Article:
April A to Z Challenge 2020: It’s that time of year! Every April, bloggers around the world make posts for each letter of the alphabet. It’s a lot of fun and a great way to make friends online. Here’s my post for today:
[The following is an adapted excerpt from my book, Understanding Cemetery Symbols. I hope you enjoy it! Also, full disclosure: that’s an Amazon affiliate link. If you buy stuff after clicking it, I make a few pennies at no additional cost to you.]
Grave Houses, Grave Shelters, Spirit Houses
People sometimes erect house-like buildings and other structures at gravesites. Throughout Louisiana and other parts of the South, Catholics tend to call these little buildings Grave Houses, while Protestants tend to call them Grave Shelters. When erected by Native Americans, however, they are usually referred to as Spirit Houses.
Istre Cemetery Cajun Catholic Grave Houses
In Louisiana, Istre Cemetery features numerous Grave Houses that were built by Cajun Catholics. These don’t just look like miniature houses, they were actually constructed like regular houses. Historians aren’t quite sure why, but theories abound.
What purpose do Grave Houses serve?
So what is the purpose for building miniature houses at a gravesite? Stories passed down about these structures often say something like, “He didn’t want rain to fall on his grave.” My research, so far, has not come up anything conclusive.
On a practical level, Grave Houses might keep livestock from grazing on or trampling a grave. However, if that were the case why would people only do this on a few graves in a cemetery and not all of them? And wouldn’t it be simpler to fence in the entire burial ground?
Maybe it’s a biblical reference?
Another theory, and one that seems more likely to me, at least for Christians, is that these miniature houses are a reference to the biblical verse John 14:2, which says, “In my Father’s house are many mansions: if it were not so, I would have told you. I go to prepare a place for you.”
Fashion and personal desire
Then again, cemetery customs are just as susceptible to the whims of fashion and personal desires as any other aspect of humanity. These grave houses may have been erected simply because the loved ones and their family liked the idea.
Chain link “circus tent” style
From time to time, I see other types of buildings at gravesites besides grave houses. For instance, I came across the chain-link “circus tent” in Palestine, Texas. Have you ever seen one like that? I think it’s quite pretty!
Draped in Spanish moss
Down in Biloxi, Mississippi, I noticed that many of the older graves were surrounded by iron tubing. Eventually, I learned that up until the early 1900s, it had been a local custom to drape Spanish moss over these structures in order to create a grave shelter.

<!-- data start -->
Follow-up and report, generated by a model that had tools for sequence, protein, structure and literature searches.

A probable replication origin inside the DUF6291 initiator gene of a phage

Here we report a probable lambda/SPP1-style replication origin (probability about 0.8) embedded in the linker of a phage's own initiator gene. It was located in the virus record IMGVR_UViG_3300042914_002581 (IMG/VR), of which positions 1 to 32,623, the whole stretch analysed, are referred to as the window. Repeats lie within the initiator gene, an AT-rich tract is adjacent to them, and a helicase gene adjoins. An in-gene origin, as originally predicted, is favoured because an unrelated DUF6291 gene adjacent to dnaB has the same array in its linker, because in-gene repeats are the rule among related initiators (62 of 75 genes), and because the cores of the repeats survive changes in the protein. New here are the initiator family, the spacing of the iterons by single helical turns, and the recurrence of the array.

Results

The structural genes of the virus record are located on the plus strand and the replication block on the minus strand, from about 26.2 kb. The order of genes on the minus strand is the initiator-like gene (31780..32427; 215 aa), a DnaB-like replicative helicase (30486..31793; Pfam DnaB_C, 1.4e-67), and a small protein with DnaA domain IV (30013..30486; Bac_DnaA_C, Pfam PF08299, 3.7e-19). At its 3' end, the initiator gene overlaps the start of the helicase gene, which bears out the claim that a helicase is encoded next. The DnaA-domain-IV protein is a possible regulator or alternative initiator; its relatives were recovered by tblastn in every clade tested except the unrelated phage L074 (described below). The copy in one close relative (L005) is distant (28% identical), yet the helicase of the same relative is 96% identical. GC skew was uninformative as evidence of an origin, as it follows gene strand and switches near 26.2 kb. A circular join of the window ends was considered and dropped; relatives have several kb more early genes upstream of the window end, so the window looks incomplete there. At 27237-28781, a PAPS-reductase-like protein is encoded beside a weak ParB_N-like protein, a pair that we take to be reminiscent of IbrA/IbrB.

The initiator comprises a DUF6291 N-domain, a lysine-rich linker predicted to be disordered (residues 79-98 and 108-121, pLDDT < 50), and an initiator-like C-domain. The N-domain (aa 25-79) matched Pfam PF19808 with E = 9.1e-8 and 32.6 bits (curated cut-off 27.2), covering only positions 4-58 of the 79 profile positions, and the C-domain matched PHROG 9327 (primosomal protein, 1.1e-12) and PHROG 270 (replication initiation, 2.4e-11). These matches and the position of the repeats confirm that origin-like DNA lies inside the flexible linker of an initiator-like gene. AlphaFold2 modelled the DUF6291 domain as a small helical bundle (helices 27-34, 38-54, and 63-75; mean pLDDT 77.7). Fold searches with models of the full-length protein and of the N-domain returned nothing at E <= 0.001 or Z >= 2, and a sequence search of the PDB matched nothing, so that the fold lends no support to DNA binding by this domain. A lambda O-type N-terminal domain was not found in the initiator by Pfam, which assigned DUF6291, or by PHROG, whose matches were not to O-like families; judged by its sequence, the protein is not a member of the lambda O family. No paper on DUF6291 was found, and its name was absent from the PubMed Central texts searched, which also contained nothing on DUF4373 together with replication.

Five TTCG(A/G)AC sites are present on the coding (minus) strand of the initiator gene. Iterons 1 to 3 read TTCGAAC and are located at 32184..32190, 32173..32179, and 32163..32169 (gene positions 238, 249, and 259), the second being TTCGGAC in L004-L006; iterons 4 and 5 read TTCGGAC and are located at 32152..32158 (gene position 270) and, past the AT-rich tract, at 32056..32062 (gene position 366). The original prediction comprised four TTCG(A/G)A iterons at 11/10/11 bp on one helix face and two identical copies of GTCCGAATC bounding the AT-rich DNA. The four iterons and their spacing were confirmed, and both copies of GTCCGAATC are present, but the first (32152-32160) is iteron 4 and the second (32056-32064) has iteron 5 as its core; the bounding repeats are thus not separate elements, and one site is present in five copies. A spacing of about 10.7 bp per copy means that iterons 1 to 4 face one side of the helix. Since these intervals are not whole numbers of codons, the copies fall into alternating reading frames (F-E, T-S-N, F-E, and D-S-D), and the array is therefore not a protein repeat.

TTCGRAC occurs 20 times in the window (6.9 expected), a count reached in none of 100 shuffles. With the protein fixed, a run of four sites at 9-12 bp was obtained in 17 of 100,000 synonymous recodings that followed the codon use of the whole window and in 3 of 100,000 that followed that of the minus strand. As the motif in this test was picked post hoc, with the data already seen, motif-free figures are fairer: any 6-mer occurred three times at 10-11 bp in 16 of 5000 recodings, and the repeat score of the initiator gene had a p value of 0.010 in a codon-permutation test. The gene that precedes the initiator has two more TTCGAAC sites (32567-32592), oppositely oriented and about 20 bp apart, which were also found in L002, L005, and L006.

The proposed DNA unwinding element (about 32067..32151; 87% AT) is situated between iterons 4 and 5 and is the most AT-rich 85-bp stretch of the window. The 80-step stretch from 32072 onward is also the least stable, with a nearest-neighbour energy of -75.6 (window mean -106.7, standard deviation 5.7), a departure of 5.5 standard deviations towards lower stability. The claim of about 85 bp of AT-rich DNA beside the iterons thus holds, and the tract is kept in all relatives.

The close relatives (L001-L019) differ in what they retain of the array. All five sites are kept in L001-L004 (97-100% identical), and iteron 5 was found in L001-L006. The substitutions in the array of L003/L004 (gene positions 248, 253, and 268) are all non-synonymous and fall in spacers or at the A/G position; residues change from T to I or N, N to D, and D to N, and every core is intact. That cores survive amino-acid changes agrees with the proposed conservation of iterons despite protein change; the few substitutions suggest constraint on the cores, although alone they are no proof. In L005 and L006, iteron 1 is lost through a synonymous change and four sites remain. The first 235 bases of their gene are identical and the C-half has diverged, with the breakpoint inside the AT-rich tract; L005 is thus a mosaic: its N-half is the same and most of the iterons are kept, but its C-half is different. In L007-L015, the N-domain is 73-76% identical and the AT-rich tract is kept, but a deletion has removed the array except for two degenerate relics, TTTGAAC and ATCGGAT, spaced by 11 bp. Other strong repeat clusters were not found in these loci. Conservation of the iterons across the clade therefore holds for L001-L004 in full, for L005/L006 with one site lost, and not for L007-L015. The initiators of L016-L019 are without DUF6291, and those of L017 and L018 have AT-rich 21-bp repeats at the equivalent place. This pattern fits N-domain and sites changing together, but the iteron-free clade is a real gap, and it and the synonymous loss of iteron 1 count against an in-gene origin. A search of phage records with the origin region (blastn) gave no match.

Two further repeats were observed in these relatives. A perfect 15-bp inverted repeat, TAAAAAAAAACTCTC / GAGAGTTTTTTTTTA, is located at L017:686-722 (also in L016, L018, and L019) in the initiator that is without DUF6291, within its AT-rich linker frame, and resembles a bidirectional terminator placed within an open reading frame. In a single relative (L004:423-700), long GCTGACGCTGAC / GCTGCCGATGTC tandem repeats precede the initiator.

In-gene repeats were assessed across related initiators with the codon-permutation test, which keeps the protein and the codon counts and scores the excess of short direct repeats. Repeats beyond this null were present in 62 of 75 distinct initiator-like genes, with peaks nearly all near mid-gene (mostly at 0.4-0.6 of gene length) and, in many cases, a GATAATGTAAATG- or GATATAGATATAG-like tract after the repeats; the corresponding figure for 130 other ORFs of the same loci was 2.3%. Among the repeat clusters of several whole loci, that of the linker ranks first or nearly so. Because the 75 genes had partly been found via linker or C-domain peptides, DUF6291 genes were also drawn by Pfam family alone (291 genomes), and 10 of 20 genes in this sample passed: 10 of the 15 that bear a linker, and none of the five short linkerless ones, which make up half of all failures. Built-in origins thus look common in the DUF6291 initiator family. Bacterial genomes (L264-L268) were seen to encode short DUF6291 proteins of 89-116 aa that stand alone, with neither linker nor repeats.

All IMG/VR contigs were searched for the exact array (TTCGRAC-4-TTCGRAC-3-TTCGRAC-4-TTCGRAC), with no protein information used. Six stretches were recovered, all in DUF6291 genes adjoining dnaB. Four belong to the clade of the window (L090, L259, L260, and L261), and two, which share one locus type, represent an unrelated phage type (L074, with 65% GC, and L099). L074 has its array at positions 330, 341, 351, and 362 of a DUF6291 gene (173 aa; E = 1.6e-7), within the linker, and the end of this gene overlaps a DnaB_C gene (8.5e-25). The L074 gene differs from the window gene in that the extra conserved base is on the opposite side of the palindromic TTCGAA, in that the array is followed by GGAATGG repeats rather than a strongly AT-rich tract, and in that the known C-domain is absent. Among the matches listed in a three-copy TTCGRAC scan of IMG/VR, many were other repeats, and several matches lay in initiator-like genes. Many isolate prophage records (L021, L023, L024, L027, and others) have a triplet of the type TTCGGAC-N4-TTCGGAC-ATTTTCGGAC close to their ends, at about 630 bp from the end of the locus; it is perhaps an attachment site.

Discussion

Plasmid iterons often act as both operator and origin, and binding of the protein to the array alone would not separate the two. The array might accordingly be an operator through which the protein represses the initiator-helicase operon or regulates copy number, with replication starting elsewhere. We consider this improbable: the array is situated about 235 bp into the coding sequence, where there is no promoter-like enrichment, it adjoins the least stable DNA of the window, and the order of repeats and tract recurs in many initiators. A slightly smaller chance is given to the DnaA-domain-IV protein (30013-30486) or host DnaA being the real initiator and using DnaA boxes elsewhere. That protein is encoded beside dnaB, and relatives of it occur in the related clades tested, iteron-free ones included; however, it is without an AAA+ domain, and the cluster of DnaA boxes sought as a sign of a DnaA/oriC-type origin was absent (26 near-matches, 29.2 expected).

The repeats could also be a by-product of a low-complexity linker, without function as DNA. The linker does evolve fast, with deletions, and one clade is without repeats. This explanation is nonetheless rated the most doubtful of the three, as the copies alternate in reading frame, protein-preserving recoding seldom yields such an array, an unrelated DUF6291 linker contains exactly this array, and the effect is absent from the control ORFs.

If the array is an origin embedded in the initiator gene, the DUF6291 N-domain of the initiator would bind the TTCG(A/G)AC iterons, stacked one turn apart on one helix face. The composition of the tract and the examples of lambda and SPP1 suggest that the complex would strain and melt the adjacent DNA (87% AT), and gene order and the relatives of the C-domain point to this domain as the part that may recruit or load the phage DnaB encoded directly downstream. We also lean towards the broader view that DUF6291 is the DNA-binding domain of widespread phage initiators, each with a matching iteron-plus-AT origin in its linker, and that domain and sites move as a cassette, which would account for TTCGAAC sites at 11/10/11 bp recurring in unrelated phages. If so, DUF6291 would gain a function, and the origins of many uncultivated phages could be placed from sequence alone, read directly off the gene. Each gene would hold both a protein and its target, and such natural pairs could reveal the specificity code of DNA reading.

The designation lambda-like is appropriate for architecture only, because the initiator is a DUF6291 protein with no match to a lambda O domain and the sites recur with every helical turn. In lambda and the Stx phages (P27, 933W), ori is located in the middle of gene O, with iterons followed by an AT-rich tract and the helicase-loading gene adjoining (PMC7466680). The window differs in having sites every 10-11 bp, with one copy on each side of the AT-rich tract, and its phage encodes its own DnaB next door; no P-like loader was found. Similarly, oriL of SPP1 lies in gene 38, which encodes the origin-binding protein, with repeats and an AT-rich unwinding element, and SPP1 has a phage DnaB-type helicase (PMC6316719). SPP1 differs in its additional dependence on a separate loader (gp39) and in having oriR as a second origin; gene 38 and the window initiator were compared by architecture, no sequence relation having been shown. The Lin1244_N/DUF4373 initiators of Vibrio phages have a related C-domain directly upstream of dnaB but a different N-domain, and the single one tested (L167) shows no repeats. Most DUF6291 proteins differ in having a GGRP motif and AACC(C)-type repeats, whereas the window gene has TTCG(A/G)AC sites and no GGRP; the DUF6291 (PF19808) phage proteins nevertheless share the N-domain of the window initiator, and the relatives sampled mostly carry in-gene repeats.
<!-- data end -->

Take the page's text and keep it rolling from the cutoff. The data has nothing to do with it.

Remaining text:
So once again, there is the desire to cover a gravesite. I wish I could see what those graves looked like when they were covered with moss. I bet it was pretty, and maybe a little eerie, too!
The first time I visited Old City Cemetery in Biloxi, it started raining heavily. By darting from one modern grave shelter to the next, I was able to take photos and enjoy the beautiful burial ground without getting drenched.
Mini Zoroastrian temple
Lastly, here’s a miniature temple I saw in a Zoroastrian cemetery. I’ve included it to show that it isn’t only Christians who sometimes erect miniature buildings on their gravesites. I don’t know much more about this practice, however. Maybe I will by the time we get to Z! Thanks again for visiting my blog!
Did you hear this?
Did you catch my recent radio show? Mark Olson and I discussed how and why he created several meaningful monuments on the next episode of Tombstone Tuesday, my 30-minute podcast about exploring historic cemeteries. If the topic interests you, I invite you to catch the replay – or maybe even call into the next show! (Click here to listen to the show and see the graphic below for more info.)
Learn more at my Historic Cemetery Podcast & Facebook Page:
Do you have questions about symbols you’ve seen on headstones? Drop by Exploring Historic Cemeteries on Facebook and let me know! And tune in to my 30-minute historic cemetery podcast on the first Tuesday of each month: Tombstone Tuesday with Tui Snider.
READ MY BOOK: If you enjoy historic cemeteries and want to learn more, check out my book: Understanding Cemetery Symbols. It’s available on Amazon in paperback and ebook form.
Grab a FREE copy of my book:
Tui Snider is an author, speaker, and photographer who specializes in North Texas travel, cemetery symbols, and haunted lore. As she puts it, “I used to write fiction – but then, I moved to Texas!”
Snider’s best-selling books include Paranormal Texas , Understanding Cemetery Symbols, and 100 Things to Do in Dallas - Fort Worth Before You Die.